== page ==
Add To Cart
Add To Cart
Three Views on the New Testament Use of the Old Testament
- Media Type▼▲
- Author / Artist▼▲
- Top Rated▼▲
Number of Pages: 224
Publication Date: 2008
|Dimensions: 8 X 5.31 (inches)|
Series: Counterpoints: Bible and Theology
Commentary on the New Testament Use of the Old TestamentEdited by G.K. Beale & D.A. CarsonBaker Academic / 2007 / Hardcover$44.49 Retail:4.5 Stars Out Of 5 17 Reviews
$64.99Save 32% ($20.50)
Hearing the Old Testament in the New TestamentWm. B. Eerdmans Publishing Co. / 2006 / Trade Paperback$19.35 Retail:
$21.50Save 10% ($2.15)
Continuity and Discontinuity: Perspectives on the Relationship Between the Old and New TestamentsCrossway / 1988 / Trade Paperback$31.50 Retail:5 Stars Out Of 5 1 Reviews
$35.00Save 10% ($3.50)
To read the New Testament is to meet the Old Testament at every turn. But exactly how do Old Testament texts relate to their New Testament references and allusions? Moreover, what fruitful interpretive methods do New Testament texts demonstrate? Leading biblical scholars Walter Kaiser, Darrel Bock and Peter Enns each present their answers to questions surrounding the use of the Old Testament in the New Testament. Contributors address elements such as Divine and human authorial intent, the context of Old Testament references, and theological grounds for an interpretive method. Each author applies his framework to specific texts so that readers can see how their methods work out in practice. Each contributor also receives a thorough critique from the other two authors. A one-stop reference for setting the scene and presenting approaches to the topic that respect the biblical text, Three Views on the New Testament Use of Old Testament gives readers the tools they need to develop their own views on this important subject. The Counterpoints series provides a forum for comparison and critique of different views on issues important to Christians. Counterpoints books address two categories: Church Life and Bible & Theology. Complete your library with other books in the Counterpoints series.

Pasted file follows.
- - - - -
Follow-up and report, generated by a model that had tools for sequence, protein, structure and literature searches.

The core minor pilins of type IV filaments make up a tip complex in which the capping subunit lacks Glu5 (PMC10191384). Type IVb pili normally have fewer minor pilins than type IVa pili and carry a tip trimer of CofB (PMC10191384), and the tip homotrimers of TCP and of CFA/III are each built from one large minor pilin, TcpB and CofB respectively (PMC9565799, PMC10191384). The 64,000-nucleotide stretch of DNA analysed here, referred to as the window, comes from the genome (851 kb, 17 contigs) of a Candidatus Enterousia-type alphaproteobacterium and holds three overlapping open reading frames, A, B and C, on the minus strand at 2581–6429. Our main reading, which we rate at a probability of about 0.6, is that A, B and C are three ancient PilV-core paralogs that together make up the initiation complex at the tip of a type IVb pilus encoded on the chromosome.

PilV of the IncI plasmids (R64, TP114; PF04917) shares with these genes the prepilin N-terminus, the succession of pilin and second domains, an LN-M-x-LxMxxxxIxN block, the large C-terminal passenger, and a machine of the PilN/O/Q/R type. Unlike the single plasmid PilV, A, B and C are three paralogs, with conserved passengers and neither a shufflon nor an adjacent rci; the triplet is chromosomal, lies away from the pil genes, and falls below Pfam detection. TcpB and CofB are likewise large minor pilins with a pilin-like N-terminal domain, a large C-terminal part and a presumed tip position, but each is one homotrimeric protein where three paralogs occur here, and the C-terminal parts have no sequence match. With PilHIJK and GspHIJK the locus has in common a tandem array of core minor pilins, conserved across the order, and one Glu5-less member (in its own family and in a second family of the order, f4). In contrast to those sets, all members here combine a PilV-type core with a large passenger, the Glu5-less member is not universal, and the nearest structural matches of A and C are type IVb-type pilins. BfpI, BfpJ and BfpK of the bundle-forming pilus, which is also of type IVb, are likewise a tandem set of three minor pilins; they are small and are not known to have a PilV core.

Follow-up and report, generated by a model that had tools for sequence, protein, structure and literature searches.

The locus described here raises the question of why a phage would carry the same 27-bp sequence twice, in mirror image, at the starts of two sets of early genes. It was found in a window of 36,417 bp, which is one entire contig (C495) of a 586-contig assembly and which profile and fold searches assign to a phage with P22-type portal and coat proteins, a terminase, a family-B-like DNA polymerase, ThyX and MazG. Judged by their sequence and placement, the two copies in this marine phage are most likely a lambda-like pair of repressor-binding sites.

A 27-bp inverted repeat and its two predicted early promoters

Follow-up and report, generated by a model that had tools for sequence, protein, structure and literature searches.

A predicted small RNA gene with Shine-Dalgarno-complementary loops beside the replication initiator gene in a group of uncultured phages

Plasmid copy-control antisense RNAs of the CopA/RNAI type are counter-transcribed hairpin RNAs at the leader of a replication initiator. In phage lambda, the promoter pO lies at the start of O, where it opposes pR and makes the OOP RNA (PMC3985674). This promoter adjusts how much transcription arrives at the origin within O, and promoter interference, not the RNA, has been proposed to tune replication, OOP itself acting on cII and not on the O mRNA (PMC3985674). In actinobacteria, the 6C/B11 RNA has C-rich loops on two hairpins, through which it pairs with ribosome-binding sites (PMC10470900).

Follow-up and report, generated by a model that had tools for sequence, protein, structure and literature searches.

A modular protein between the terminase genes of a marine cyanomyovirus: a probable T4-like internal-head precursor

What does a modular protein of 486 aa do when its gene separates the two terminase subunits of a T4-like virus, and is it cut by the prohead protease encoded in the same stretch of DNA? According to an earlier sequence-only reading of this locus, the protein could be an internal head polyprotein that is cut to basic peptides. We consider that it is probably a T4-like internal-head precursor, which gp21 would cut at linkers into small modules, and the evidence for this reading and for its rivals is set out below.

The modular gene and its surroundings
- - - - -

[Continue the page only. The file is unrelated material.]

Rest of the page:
Stanley N. Gundry is executive vice president and editor-in-chief for the Zondervan Corporation. He has been an influential figure in the Evangelical Theological Society, serving as president of ETS and on its executive committee, and is adjunct professor of Historical Theology at Grand Rapids Theological Seminary. He is the author of seven books and has written many articles appearing in popular and academic periodicals.
Kenneth Berding (PhD, Westminster Theological Seminary) is associate professor of New Testament at Talbot School of Theology of Biola University. He is the author of "Polycarp and Paul, "What are Spiritual Gifts" and "Three Views on the New Testament Use of the Old Testament. Ken and his family reside in La Mirada, California.
Walter C. Kaiser Jr. (PhD, Brandeis University) is distinguished professor emeritus of Old Testament and president emeritus of Gordon-Conwell Theological Seminary in South Hamilton, Massachusetts. Dr. Kaiser has written over 40 books, including Toward an Exegetical Theology: Biblical Exegesis for Preaching and Teaching; The Messiah in the Old Testament; and The Promise-Plan of God; and coauthored An Introduction to Biblical Hermeneutics: The Search for Meaning. Dr. Kaiser and his wife, Marge, currently reside at Kerith Farm in Cedar Grove, Wisconsin. Dr. Kaisers website is www.walterckaiserjr.com.
Darrell L. Bock (PhD, University of Aberdeen) is research professor of New Testament studies at Dallas Theological Seminary. Known for his work in Luke-Acts, Dr. Bock is a Humboldt Scholar (Tubingen University in Germany), an editor-at-large for Christianity Today, and a past president of the Evangelical Theological Society (2000-2001). A New York Times bestselling author, Bock has written over thirty books, including Luke in the NIV Application Commentary series.
Dr. Peter Enns (PhD. Harvard University) is a biblical scholar and teaches at Eastern University. He is author of several books including Exodus (NIV Application Commentary), Inspiration and Incarnation: Evangelicals and the Problem of the Old Testament, and The Evolution of Adam: What the Bible Does and Doesn't Say about Human Origins.